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(In the Civil War battle at Fredericksburg, Virginia, Burnside sent Union troops again and again across an open field toward the Southerners behind a wall on the Sunken Road and perched above on Marye’s Height. The Union was slaughtered before retreating, 13,300 casualties vs.4500 for the South.)

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The sunken road.  The Union attacked across open level ground from the right,
suffered many losses, and were repelled each time.  Marye’s Height (pictured below) is a steep hill to the left.  Confederate cannons fired down on the Union from there.

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Did you, with ease, your blue waves send
To beat the shore that would not bend,
To paint their blood upon the wall
They battered ‘gainst, that could not fall?

Did you e’er feel the bullet’s pain
So they would not roll forth again
To-ward the South perched on the height,
No chance to win within blue’s sight?

Did they give their brief lives in vain
So you’d not have to bear the pain
Of facing Lincoln’s pressure to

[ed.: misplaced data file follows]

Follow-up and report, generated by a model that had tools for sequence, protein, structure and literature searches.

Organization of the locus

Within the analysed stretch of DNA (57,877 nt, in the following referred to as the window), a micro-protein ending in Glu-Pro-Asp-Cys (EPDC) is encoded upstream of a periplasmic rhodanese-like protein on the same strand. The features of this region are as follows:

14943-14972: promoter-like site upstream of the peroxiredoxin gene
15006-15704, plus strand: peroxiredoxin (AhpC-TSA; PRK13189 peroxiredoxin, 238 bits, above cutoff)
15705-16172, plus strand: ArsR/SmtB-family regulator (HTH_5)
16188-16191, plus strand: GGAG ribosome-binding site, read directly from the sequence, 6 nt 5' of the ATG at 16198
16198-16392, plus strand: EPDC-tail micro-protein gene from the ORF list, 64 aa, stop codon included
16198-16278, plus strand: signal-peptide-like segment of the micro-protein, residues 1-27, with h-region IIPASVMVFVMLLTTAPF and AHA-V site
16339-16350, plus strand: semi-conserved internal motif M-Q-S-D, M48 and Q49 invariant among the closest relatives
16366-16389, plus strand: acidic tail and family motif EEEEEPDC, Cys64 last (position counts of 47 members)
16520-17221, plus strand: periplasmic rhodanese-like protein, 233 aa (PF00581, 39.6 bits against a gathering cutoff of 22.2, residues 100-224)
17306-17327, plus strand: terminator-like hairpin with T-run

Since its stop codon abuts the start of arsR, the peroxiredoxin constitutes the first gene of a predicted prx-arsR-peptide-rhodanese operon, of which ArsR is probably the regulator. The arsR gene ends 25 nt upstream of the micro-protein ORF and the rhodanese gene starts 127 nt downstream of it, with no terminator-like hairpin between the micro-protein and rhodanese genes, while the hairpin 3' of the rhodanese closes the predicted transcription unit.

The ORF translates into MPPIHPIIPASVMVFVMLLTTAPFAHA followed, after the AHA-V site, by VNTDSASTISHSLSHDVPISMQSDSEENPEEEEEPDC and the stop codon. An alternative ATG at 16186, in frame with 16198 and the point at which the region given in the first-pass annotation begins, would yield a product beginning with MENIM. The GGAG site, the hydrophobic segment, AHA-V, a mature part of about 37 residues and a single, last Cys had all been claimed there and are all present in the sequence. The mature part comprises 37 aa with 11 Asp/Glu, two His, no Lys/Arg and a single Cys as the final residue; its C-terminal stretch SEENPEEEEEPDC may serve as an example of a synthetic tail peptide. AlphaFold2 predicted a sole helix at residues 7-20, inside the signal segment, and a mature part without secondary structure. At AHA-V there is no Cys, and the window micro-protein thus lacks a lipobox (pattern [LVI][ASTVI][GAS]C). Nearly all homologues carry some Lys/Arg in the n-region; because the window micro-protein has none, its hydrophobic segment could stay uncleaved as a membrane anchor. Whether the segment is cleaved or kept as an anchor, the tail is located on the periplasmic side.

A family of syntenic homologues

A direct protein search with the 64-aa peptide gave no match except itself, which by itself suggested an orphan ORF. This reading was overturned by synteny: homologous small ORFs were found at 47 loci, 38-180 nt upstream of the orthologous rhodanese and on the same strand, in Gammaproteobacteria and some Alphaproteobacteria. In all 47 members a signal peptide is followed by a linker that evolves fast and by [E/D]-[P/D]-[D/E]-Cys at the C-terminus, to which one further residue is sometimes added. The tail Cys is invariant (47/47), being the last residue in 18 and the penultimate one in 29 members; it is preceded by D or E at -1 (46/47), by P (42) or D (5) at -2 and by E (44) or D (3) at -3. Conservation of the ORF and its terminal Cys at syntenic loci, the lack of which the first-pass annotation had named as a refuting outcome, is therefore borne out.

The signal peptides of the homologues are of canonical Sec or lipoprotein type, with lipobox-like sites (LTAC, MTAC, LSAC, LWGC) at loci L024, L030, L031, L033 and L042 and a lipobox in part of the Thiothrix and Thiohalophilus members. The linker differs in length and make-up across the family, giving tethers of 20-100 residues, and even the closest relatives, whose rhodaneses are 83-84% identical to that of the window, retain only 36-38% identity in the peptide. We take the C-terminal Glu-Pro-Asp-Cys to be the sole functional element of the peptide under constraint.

Press on and fight, or bid adieu?

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The pictures are mine, taken a couple of years ago to a trip to Virginia where I
saw 5 major Civil War battlefields including Fredericksburg.

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© Dennis Allen Lange and thebardonthehill.wordpress.com, 2017.

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Frontispiece to a c. 1825 edition of Childe Ha...

Frontispiece to a c. 1825 edition of Childe Harold’s Pilgrimage (Photo credit: Wikipedia)


Childe Harold’s Farewell To England

Adieu, adieu! my native shore
Fades o’er the waters blue;
The night-winds sigh, the breakers roar,
And shrieks the wild sea-mew.
Yon sun that sets upon the sea,
We follow in his flight;
Farewell awhile to him and thee,
My native land – Good-night.

A few short hours and he will rise
To give the morrow birth;
And I shall hail the main and skies,
But not my mother earth.
Deserted is my own good hall,
Its hearth is desolate;
Wild weeds are gathering on the wall;
My dog howls at the gate.

Come hither, hither, my little page!
Why dost thou weep and wail?
Or dost thou dread the billow’s rage,
Or tremble at the gale?
But dash the tear-drop from thine eye;
Our ship is swift and strong;
Our fleetest falcon scarce can fly
More merrily along.

“Let winds be shrill, let waves roll high,
I fear not wave nor wind:
Yet marvel not, Sir Childe, that I,
Am sorrowful in mind;
For I have from my father gone,
A mother whom I love,
And have no friends, save these alone,
But thee – and One above.

“My father blessed me fervently,
Yet did not much complain;
But sorely will my mother sigh
Till I come back again.” –
Enough, enough, my little lad!
Such tears become thine eye;
If I thy guileless bosom had,
Mine own would not be dry.

 

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